Research and development was encouraged for future developments as well to continue to make security a priority (Airport Security, 1989, p. 2).
Also in response to the bombing of Flight 103, the Aviation Security Improvement Act of 1990 was passed. Senator Wendell H. Ford opened the proceedings with the statement: "The terrorist bombing of Pan Am Flight 103 in December 1988 tragically demonstrated that something more is needed to be done to protect Americans traveling by air" (Aviation Security Improvement Act of 1990, 1990, p. 1).
In later hearings on implementation, it was noted by Thomas C. Kelly, Vice President of Security for the Air Transport Association, that U.S. airports were much safer than foreign airports and that this fact should be noted when dealing with this legislation: "Our primary focus in the development of this legislation was to ensure that it would contain provisions imposing the same extraordinary procedures on foreign flag carriers that the FAA currently imposes only on U.S. carriers operating in international routes" (Implementation of the Aviation Security Improvement Act of 1990, 1991, p. 110). Kelly notes that U.S. carriers must either physically inspect or x-ray all checked bags, make supplemental inspections of all carry-on bags, provide guards for all aircraft on the ground, and inspect all maintenance and service personnel with access to aircraft. U.S. carriers also perform redundant interrogations of passengers fitting certain profiles, appoint and train ground security coordinators, and accept no baggage from off-site sources. Such requirements are expensive and detract from the ease and speed of processing the passenger, which leads to another reason for demanding that foreign carriers provide the same degree of security -- to see that there is a level playing field in economic terms.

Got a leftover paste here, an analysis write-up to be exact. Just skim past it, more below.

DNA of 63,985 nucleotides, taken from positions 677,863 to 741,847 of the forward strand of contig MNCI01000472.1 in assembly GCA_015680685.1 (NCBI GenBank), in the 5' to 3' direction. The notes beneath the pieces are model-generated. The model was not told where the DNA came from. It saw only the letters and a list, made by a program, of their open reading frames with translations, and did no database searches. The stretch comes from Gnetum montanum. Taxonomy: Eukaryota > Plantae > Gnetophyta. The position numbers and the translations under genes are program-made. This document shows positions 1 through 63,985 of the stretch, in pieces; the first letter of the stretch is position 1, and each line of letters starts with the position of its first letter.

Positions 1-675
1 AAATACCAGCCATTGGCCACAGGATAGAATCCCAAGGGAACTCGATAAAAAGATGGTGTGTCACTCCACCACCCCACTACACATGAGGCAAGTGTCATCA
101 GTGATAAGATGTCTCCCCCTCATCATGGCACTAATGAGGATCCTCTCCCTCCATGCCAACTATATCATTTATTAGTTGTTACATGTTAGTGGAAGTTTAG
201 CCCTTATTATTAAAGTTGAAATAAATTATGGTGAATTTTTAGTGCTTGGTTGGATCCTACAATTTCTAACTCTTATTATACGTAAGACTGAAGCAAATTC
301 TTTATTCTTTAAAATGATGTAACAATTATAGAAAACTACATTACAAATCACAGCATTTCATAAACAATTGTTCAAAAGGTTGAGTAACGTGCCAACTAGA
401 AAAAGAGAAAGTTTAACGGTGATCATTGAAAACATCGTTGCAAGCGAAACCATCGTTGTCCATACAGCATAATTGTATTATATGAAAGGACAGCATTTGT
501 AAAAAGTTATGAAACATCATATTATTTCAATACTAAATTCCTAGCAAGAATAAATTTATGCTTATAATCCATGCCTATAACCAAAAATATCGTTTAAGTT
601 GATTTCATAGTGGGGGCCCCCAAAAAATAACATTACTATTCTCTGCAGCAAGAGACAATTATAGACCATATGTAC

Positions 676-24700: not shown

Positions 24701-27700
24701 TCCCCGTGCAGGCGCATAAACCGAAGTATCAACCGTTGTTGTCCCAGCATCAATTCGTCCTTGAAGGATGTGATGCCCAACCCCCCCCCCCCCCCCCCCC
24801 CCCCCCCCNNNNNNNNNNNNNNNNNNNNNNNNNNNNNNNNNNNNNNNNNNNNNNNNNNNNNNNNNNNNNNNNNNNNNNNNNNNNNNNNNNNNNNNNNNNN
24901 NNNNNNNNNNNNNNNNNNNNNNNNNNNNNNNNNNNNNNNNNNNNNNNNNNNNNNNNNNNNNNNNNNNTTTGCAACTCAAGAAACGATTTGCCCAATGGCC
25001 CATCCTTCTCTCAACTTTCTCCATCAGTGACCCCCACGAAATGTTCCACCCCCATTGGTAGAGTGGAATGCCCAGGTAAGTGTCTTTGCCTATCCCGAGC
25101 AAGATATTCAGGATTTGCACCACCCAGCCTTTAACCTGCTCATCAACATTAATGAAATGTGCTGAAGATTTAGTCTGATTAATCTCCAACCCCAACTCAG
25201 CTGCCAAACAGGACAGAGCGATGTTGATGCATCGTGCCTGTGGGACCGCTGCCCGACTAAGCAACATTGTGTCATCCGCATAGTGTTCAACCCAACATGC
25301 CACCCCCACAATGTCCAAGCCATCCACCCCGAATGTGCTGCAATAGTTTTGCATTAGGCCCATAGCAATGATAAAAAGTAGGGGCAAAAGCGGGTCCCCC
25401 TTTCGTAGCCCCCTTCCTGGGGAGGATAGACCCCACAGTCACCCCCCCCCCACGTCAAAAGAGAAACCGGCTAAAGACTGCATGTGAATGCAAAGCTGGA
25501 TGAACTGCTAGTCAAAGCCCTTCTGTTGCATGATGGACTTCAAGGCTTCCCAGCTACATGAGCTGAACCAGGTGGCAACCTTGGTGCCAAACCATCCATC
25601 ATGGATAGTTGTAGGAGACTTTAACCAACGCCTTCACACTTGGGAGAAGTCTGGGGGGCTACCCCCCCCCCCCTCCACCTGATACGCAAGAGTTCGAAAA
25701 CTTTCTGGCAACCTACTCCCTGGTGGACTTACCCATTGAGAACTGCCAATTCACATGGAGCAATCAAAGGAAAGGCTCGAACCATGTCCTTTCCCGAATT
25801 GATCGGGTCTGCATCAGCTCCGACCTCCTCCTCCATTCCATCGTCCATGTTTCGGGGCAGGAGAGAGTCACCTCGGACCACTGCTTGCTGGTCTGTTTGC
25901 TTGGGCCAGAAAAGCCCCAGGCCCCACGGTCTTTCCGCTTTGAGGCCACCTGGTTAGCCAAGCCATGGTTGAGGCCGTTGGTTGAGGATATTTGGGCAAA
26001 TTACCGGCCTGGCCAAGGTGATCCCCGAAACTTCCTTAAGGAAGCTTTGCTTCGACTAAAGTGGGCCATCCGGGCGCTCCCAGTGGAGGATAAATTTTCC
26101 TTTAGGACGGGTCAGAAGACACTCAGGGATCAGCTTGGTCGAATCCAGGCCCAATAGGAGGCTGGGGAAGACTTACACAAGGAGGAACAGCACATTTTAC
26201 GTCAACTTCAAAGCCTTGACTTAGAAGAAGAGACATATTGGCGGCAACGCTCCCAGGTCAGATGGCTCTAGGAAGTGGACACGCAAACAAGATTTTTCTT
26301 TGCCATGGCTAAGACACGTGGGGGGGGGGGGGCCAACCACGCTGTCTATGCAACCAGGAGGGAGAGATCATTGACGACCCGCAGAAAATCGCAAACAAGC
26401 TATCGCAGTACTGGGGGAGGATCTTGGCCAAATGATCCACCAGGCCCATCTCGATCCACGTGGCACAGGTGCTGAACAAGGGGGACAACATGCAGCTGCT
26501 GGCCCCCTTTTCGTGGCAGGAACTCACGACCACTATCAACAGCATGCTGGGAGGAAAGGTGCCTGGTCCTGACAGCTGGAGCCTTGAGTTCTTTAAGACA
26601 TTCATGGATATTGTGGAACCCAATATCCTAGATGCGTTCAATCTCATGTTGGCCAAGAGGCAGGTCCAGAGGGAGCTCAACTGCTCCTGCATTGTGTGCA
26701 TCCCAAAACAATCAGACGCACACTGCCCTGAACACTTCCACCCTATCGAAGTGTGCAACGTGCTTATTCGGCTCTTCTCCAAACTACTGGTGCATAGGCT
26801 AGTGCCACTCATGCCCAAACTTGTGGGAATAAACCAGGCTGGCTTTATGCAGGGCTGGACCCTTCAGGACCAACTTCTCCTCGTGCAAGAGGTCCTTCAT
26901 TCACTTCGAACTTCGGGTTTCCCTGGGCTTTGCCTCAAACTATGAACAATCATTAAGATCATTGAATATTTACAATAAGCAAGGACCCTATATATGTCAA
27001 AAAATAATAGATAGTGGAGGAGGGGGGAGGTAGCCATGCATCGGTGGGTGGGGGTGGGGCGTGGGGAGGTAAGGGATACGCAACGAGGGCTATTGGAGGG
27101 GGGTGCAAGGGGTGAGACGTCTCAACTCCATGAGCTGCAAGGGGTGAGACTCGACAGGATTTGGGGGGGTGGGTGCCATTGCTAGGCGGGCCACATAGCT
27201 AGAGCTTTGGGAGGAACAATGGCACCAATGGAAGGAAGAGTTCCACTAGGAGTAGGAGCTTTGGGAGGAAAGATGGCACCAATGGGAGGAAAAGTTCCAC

Clearly, these measures did not prevent the terrorist actions of 9-11, and that fact brought about a rethinking of many of the earlier measures, a strengthening of security measures, and the institution of new measures, many of which had earlier been rejected as intrusive and overly time-consuming. For the most part, American counter-terrorist actions with reference to airlines have tended to be reactive, and proposals for increased safety were largely ignored until 9-11, as Lansford (2003) notes:
For instance, in 1996, Clinton appointed Vice President Al Gore to head a commission on airline security. The commission issued a number of recommendations, including increased profiling of passengers and background checks, especially of those passengers who bought one-way tickets or paid cash or who had links to suspected terrorist groups. However, the commission's recommendations were not accepted, partially because of opposition from the Department of Transportation and the Federal Aviation Administration because of costs (Lansford, 2003, para. 27).
Many of these same provisions have now been adopted, and the country seems much more willing to adopt measures that might add cost or that might increase inconvenience. Often, these measures are also reactive, though, as when a shoe-bomber was caught on a plane and now there are shoe inspections before a flight.
Counter-terrorism should be easier to implement in this climate, not just for airlines but for other venues as well, but the public does become weary of constant remainders of the potential threat and may begin to resist some of these measures. So long as the events of 9-11 remain in the public consciousness, however, such resistance will be minimal. The events in New York last week show this clearly as a concern for a threat to the subway meant stringent security measures for passengers, which meant a slowdown in commuting and other problems. The public accepted this with general equanimity, however, based on a memory of the bombings in Madrid and London a few months before. What the public really wants is for the government to find a way to reach the terrorists on their home ground and prevent them from attacking in the first place, but short of this, stronger security measures at home are adopted and accepted. This was true when the threat was largely of random hijackings and has expanded as the threat has expanded.
Airport security (1989). Committee on Science, Space, and Technology, U.S. House of Representatives.
February 9, 1989.
Aviation Security Improvement Act of 1990 (1990). Committee on Commerce, Science, and Transportation, United States Senate. October 4, 1990.
Dorey, F.C. (1983). Aviation security. New York: Van Nostrand Reinhold Company.
Implementation of the Aviation Security Improvement Act of 1990 (1991).
Committee on Public Works and Transportation, House of Representatives. July 24, 1991.